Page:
What are our plans missing? What are our missing plans?, Vivien Coop, Environmental Studies senior project

Who’s Nature? Ontological Narrative Dissonance Among Skagit River Fishery Coalitions, Jann Eberharter, M.A., Environmental Studies thesis

Glacial loss and threatened fish: The future of Mount Rainier’s cold-water Bull Trout habitats, Kathleen C. Ewen, M.S. Environmental Sciences thesis

Learning from Traditional Ecological Knowledge: Paralytic Shellfish Toxins in Butter Clams, Jackelyn Garcia, M.S. Environmental Sciences thesis

Impact of Riverbank Lupine (Lupinus rivularis) on Grand Fir (Abies grandis) Ectomycorrhizal Symbioses, Andrew Labay, M.S. Environmental Sciences thesis

Dendrohydrological Reconstruction of North Fork Nooksack River August Streamflow from Subannual Mountain Hemlock Ring-Widths, Cascade Mountains, Washington State, Hannah LaGassey, M.S. Environmental Sciences thesis

CENV in the Media

New NSF Grant to Study Sea-Level Resilience in the Face of Climate Change and Natural Disasters. Rebekah Paci-Green is co-principal investigator on a $2.7 million NSF award to research how earthquakes affect buildings already damaged by saltwater in low-lying coastal areas. Western Today

Hands-on learning with an eye toward the future. The Sustainability Pathways Fellowship gives students an opportunity to spend a summer in Methow Valley getting practical, hands-on experience working with a local organization in a supportive cohort learning environment. The 18 students who made up this summer's cohort worked on projects ranging from cultural lands case study, establishing a seed library, identifying options for reducing pollution, and more. Methow Valley News

WWU to partner in $30M NSF Center for Braiding Indigenous Knowledges and Science. Researchers from Western Washington University (WWU) will be partners in a new Center for Braiding Indigenous Knowledges and Science (CBIKS) – a five-year, $30 million international NSF Science and Technology Center based at the University of Massachusetts Amherst. The center will focus on connecting Indigenous knowledges with mainstream “Western” sciences to address some of the most pressing issues of our time in a new way. Nature; WBUR; On Point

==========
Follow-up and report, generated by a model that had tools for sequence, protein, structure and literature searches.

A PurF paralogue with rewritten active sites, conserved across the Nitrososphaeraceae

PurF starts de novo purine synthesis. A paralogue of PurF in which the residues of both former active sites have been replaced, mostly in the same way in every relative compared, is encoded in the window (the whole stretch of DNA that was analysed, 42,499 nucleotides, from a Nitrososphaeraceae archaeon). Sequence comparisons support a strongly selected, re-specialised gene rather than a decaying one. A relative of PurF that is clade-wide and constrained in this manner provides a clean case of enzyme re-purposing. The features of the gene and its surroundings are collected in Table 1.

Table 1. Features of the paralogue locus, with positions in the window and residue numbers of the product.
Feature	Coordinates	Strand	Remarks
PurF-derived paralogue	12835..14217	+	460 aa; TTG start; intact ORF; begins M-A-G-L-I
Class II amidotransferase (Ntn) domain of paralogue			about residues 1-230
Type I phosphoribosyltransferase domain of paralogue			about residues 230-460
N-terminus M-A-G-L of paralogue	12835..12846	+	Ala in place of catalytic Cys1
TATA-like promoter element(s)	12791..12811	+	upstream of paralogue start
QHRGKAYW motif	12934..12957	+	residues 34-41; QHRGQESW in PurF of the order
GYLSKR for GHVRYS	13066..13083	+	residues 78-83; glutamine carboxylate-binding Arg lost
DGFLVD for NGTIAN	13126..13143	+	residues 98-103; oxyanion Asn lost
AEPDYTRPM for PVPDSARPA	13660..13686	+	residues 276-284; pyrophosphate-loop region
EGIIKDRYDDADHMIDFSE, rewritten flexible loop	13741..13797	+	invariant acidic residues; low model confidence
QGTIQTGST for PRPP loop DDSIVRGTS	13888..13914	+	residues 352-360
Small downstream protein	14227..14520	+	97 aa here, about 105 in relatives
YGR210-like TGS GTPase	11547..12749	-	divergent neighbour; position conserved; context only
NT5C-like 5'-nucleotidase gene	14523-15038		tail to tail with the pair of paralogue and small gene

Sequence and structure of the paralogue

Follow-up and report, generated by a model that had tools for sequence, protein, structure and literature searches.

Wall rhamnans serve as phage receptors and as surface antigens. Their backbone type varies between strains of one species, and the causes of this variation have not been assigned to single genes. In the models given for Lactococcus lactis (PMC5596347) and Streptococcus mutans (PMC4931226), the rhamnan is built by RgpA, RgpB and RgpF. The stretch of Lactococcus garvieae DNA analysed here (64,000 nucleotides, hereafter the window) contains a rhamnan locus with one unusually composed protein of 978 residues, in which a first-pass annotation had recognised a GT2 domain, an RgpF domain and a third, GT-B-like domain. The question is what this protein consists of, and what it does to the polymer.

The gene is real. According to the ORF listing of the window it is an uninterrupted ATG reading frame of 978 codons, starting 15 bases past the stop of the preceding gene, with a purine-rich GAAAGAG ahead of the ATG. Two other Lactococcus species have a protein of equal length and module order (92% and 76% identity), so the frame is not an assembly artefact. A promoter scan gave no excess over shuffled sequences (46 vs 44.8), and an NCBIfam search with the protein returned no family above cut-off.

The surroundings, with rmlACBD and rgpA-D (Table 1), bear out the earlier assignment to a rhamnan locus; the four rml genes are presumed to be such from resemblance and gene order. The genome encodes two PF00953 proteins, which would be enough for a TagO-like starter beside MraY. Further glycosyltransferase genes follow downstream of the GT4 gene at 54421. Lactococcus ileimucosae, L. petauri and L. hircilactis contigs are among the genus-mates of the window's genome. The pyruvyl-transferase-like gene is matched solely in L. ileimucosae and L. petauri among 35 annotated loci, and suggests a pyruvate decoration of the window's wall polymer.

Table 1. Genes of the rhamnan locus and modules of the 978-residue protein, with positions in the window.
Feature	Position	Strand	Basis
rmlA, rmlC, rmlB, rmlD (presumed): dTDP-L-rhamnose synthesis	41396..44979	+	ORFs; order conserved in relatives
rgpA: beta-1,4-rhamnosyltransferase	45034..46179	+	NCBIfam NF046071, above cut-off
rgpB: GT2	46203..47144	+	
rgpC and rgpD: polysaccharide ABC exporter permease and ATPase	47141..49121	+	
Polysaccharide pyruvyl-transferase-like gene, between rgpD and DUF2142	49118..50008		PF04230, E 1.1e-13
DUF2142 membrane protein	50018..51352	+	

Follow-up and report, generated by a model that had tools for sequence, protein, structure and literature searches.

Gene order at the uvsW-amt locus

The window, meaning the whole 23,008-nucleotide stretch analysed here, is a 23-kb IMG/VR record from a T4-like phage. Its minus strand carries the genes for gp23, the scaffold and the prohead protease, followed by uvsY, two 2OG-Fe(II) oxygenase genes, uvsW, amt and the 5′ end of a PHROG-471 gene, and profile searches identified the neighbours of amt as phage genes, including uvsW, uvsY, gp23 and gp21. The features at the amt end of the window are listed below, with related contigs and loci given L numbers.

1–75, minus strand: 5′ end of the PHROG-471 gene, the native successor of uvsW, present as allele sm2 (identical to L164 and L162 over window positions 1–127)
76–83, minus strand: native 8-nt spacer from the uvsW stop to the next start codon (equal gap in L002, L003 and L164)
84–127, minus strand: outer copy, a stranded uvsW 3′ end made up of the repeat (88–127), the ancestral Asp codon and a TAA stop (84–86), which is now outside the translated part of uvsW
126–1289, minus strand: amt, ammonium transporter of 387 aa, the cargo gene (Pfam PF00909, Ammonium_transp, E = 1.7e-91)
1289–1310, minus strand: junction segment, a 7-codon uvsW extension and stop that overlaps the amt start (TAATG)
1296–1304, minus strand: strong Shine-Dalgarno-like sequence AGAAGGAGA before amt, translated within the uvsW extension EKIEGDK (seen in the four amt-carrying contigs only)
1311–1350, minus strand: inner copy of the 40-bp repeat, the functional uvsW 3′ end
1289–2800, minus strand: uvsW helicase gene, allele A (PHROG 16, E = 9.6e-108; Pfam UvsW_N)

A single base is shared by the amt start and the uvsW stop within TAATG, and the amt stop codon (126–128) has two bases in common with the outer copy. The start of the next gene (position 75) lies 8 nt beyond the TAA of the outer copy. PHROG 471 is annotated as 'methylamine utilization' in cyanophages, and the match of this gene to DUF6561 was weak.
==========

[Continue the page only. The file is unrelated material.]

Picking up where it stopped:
Is Bellingham a Heat Island? How can cities keep cool as global temperatures rise? Urban and Environmental Planning and Policy Chair Nabil Kamel suggests a multi-pronged approach that includes increasing tree canopy but also integrates urban planning, urban design, land use, and transportation. Bellingham Herald

Salish Sea Atlas selected as best map series. The “Climate of the Salish Sea Bioregion” chapter of the Salish Sea Atlas was selected as one of the best map series at the 2023 ESRI User Conference. The “Climate” chapter explores the wind, precipitation, and temperature characteristics of the Salish Sea bioregion using data averaged for the 1991-2020 period. The Salish Sea Atlas is a comprehensive, open-access digital book containing maps, illustrations, interpretive text, and downloadable geospatial datasets. Western Today

13 WWU Students Receive Award in EPA's 2023 Environmental Justice Video Challenge. A group of 13 Western Washington University students – as well as two students from the University of Washington – received an honorable mention award in Phase 2 of the Environmental Justice (EJ) Video Challenge for Students through the United States Environmental Protection Agency (EPA). Western Today

“Unstable Properties” wins award. Dr. David Rossiter co-authored “Unstable Properties,” which highlights the unstable ideological foundation of land and title arrangements in B.C., received a third-place award at the British Columbia Historical Federation's 2022 Lieutenant Governor's Historical Writing Awards: B.C. Historical Federation

Environmentalists find fewer microplastics "than expected" on Bellingham Beach. Recent Environmental Sciences grad Hannah Miller worked with the nonprofit RE Sources to organize a volunteer collection event. Cascadia Daily News

‘Watermelon snow’ piques curiosities in Utah after abnormally wet winter. Dr. Alia Khan explains the connection between snow algae, glacial melt, and climate change. AP News

Algae blooms increase snowmelt in the Pacific Northwest by 20%. Clean snow reflects as much as 99% of incoming solar radiation, helping to protect Earth's atmosphere from warming. Results of Dr. Alia Khan’s new U.S. NSF-supported study show that algae blooms commonly grow on snow in the Pacific Northwest, usually red or pink, causing the albedo, or reflectivity, of the snow to decrease by about 20%. National Science Foundation

The Planet Magazine, an award-winning student-run quarterly environmental publication dedicated to environmental advocacy and awareness through responsible journalism, is online. The magazine has been independently produced by Western Washington University students since 1979. The Planet Magazine